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Nut Allergy Study: Double-blind Challenge and Oral Desensitization

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ClinicalTrials.gov Identifier: NCT01502878
Recruitment Status : Completed
First Posted : January 2, 2012
Last Update Posted : September 13, 2016
Sponsor:
Information provided by (Responsible Party):
Mika Juhani Mäkelä, MD, PhD, Helsinki University Central Hospital

May 27, 2011
January 2, 2012
September 13, 2016
May 2011
December 2015   (Final data collection date for primary outcome measure)
Efficacy of nut oral desensitization [ Time Frame: 7 months ]
Change from baseline in the amount of nut (mg) tolerated in a double-blind placebo-controlled oral challenge at 1 month after the 6-month oral desensitization therapy.
Same as current
Complete list of historical versions of study NCT01502878 on ClinicalTrials.gov Archive Site
  • Effect of the treatment on quality of life [ Time Frame: 7 months ]
    Change from baseline in Quality of life questionnaire square before and after the oral desensitization therapy
  • Effect of the treatment on bronchial hyperreactivity and airway inflammation [ Time Frame: 1 year ]
    Change from baseline in bronchial hyperreactivity in metacholine challenge and in eosinophilic airway inflammation measured by multiple channel exhaled nitric oxid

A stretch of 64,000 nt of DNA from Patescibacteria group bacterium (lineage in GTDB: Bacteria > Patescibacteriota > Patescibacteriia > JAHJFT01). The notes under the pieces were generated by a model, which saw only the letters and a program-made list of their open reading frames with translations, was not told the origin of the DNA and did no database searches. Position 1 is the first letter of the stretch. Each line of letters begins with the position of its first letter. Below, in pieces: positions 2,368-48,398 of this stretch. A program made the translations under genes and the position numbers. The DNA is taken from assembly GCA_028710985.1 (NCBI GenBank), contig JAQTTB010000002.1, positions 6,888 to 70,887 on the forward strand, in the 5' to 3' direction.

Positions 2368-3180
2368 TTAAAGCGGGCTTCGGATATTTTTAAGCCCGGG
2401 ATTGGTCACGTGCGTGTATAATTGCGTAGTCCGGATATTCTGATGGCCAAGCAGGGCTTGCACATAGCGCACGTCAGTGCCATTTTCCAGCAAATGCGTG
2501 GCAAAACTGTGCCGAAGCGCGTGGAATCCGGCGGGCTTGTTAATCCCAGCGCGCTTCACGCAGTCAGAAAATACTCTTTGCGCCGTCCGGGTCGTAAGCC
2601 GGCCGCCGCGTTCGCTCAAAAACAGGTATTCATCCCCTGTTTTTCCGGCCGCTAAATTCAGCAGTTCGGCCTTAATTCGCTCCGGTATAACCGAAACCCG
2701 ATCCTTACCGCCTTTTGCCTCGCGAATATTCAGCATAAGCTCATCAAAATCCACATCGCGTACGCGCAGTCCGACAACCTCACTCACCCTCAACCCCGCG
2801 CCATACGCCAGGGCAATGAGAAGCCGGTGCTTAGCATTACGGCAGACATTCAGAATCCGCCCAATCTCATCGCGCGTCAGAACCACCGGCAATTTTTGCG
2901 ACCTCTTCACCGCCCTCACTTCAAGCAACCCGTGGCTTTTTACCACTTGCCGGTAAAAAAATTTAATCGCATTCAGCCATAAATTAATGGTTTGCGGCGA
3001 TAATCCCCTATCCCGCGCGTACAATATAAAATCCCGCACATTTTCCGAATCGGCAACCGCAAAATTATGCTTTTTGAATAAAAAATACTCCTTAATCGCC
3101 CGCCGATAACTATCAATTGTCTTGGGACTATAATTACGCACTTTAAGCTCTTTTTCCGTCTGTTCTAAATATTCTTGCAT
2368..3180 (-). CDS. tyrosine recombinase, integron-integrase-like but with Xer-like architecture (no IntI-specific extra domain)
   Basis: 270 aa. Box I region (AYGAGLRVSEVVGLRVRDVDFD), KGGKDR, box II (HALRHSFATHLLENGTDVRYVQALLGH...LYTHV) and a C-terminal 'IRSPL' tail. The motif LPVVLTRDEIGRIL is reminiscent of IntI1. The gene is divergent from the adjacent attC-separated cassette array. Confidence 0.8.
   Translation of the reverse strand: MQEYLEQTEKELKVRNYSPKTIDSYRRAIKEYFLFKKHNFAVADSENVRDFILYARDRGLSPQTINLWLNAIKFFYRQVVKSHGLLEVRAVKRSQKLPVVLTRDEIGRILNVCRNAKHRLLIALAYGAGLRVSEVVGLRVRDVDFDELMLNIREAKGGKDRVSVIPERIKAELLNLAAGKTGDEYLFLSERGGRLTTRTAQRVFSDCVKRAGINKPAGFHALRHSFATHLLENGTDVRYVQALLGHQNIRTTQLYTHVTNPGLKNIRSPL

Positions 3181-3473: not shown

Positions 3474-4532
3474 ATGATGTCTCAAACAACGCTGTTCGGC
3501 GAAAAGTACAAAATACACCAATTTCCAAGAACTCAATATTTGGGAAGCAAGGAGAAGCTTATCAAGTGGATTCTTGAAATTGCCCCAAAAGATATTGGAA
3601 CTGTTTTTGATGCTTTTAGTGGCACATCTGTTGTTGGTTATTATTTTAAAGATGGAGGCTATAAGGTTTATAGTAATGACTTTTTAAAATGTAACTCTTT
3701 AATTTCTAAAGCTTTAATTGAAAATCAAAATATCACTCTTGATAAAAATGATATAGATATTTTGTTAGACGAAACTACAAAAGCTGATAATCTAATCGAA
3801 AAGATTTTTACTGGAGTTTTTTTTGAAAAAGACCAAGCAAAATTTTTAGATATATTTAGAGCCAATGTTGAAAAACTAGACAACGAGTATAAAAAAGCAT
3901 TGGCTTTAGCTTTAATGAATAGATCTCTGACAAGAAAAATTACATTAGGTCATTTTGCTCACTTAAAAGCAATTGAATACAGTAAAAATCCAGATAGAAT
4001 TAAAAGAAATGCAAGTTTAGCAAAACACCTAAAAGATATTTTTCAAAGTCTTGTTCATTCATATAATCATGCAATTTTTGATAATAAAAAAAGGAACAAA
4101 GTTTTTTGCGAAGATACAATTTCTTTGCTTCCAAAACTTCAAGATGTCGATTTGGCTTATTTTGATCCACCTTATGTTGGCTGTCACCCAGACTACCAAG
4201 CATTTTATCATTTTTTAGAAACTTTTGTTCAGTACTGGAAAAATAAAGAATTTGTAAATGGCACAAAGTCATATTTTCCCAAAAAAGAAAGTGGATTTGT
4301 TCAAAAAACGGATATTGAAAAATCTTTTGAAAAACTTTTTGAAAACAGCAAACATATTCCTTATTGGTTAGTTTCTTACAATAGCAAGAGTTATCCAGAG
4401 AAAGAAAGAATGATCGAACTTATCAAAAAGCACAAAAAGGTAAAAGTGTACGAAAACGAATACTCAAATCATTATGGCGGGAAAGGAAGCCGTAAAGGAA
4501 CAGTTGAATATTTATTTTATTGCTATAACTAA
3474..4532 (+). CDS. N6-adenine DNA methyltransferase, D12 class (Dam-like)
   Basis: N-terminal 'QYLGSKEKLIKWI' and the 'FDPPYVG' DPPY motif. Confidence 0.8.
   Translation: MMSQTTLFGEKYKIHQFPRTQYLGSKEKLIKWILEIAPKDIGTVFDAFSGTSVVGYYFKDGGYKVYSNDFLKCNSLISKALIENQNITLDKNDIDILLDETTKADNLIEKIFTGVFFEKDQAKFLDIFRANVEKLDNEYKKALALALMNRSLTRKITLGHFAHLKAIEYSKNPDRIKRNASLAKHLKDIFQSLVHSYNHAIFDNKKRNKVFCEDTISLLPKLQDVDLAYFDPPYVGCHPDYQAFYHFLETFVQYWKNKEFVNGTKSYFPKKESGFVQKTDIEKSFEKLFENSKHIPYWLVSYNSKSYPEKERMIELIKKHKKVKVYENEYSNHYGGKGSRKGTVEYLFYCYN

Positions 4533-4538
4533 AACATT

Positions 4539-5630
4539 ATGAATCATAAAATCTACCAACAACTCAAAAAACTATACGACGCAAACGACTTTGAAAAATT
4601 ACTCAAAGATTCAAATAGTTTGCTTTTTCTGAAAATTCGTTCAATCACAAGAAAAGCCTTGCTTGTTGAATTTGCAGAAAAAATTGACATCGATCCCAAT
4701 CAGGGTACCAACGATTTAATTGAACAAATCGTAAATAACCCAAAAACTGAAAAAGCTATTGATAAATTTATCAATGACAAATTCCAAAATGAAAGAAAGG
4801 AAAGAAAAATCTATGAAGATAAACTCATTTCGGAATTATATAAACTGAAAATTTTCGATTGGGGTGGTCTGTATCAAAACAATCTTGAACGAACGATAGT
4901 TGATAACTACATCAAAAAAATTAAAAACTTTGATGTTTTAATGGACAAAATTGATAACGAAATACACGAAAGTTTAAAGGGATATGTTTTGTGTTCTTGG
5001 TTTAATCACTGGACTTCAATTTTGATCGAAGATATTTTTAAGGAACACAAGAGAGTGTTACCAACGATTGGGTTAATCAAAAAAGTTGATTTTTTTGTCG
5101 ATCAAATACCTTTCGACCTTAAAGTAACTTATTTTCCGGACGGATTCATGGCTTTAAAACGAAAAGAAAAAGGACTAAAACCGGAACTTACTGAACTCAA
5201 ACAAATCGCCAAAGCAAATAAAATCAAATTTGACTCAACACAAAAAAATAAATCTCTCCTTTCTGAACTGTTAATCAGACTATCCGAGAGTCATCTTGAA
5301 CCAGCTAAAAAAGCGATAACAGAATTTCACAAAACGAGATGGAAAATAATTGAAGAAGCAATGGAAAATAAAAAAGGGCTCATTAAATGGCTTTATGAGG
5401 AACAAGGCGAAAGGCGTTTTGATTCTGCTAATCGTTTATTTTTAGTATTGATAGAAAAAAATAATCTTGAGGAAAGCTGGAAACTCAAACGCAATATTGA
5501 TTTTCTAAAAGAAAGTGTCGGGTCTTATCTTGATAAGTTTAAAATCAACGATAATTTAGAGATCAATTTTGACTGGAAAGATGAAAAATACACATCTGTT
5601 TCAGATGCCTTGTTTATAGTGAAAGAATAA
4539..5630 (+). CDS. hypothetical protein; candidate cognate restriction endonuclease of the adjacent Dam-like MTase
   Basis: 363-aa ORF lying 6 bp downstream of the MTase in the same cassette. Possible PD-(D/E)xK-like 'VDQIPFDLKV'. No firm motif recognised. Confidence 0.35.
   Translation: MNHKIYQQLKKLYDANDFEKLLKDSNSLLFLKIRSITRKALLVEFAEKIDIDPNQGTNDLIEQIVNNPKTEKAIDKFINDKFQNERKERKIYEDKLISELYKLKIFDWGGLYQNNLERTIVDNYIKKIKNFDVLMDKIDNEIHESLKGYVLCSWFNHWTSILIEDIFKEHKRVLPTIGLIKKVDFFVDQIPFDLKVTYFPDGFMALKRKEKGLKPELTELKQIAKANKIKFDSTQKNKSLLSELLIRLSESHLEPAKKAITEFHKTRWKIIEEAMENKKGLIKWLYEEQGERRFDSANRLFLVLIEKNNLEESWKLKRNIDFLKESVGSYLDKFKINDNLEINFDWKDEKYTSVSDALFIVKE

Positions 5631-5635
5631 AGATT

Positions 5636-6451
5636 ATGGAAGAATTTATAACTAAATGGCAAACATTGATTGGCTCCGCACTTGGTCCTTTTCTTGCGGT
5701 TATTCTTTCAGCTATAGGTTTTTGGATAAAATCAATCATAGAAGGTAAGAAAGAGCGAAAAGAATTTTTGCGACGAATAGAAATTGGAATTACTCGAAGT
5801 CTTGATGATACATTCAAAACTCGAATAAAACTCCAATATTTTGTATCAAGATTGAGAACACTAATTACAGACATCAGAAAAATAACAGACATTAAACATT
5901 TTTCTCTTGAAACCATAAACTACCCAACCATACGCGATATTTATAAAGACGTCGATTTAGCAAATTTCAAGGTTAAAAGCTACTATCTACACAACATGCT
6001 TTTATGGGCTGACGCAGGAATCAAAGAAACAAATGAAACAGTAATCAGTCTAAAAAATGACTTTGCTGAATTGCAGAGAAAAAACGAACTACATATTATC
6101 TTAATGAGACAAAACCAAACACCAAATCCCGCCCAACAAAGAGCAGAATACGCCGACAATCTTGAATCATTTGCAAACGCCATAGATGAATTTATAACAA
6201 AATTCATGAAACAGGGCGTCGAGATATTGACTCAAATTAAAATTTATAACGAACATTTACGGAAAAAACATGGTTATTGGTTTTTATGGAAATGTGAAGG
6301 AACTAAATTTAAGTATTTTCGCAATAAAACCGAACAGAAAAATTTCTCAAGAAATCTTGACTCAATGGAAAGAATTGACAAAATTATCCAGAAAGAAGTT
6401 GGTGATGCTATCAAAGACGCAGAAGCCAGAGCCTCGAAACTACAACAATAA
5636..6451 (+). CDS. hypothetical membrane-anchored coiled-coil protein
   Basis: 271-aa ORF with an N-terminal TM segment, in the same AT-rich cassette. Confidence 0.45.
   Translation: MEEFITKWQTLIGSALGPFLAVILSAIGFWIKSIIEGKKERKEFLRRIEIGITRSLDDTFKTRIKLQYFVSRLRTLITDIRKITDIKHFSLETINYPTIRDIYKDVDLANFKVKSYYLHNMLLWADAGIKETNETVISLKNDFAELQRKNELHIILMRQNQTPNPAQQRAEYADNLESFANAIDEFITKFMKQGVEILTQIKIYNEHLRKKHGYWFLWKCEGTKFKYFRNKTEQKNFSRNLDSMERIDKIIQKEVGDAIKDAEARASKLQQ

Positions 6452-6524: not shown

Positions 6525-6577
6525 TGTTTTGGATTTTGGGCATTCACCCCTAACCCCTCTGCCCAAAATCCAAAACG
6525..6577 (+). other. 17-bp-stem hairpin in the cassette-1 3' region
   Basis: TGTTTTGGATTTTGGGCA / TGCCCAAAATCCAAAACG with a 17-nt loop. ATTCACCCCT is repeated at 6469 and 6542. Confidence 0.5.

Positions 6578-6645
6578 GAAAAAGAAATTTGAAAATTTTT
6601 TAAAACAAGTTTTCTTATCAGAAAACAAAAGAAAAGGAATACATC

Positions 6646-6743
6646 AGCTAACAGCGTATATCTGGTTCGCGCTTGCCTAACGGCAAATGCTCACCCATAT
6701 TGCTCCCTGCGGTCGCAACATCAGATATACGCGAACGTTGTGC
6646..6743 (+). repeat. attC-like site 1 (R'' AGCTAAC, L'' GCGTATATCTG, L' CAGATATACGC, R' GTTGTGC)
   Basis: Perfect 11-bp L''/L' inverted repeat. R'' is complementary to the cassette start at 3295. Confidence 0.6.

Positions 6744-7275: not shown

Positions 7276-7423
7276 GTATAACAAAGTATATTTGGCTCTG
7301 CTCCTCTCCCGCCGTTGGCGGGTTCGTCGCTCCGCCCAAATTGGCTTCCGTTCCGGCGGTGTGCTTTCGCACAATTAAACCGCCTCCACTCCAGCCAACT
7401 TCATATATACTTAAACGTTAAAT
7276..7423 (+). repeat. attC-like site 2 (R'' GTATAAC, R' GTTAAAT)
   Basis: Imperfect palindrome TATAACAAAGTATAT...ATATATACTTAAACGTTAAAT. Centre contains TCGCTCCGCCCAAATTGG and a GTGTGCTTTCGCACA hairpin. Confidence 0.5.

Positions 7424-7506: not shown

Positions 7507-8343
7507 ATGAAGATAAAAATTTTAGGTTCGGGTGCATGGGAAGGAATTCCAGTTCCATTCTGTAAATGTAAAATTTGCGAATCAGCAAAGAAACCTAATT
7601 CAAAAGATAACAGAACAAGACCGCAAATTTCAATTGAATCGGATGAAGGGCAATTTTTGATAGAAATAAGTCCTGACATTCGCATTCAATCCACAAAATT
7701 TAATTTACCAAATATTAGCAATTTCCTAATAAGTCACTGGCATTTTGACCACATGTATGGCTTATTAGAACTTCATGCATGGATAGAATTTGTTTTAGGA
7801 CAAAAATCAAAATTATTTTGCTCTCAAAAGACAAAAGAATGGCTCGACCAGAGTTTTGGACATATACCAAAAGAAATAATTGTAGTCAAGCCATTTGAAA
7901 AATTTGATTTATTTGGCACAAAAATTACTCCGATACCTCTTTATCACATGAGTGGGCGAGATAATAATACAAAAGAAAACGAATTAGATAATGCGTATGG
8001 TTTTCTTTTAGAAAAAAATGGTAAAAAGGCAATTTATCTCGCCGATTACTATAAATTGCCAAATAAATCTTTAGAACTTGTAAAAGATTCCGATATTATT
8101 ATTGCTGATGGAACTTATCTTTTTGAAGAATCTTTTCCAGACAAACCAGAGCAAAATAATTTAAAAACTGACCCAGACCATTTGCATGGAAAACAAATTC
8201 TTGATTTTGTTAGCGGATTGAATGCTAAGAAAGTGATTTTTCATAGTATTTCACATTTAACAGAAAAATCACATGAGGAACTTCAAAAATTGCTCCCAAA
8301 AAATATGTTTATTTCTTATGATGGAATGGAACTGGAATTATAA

• Safety of nut oral desensitization therapy [ Time Frame: 7 months ]
    Number of participants with adverse events as a measure of safety and tolerability
  • Effect of the treatment on eosinophilic airway inflammation [ Time Frame: 1 year ]
    Change from baseline in exhaled nitric oxid concentration
  • Effect of the treatment on quality of life [ Time Frame: 7 months ]
    Change from baseline in Quality of life questionnaire square before and after the oral desensitization therapy
  • Effect of the treatment on bronchial hyperreactivity and airway inflammation [ Time Frame: 1 year ]
    Change from baseline in bronchial hyperreactivity in metacholine challenge and in eosinophilic airway inflammation measured by multiple channel exhaled nitric oxid
  • Safety of nut oral desensitization therapy [ Time Frame: 7 months ]
    Number of participants with adverse events as a measure of safety and tolerablilty
  • Effect of the treatment on eosinophilic airway inflammation [ Time Frame: 1 year ]
    Change from baseline in exhaled nitric oxid concentration
Not Provided
Not Provided
 
Nut Allergy Study: Double-blind Challenge and Oral Desensitization
Nut Allergy Study: Improving Diagnosis And Treatment Of Nut Allergy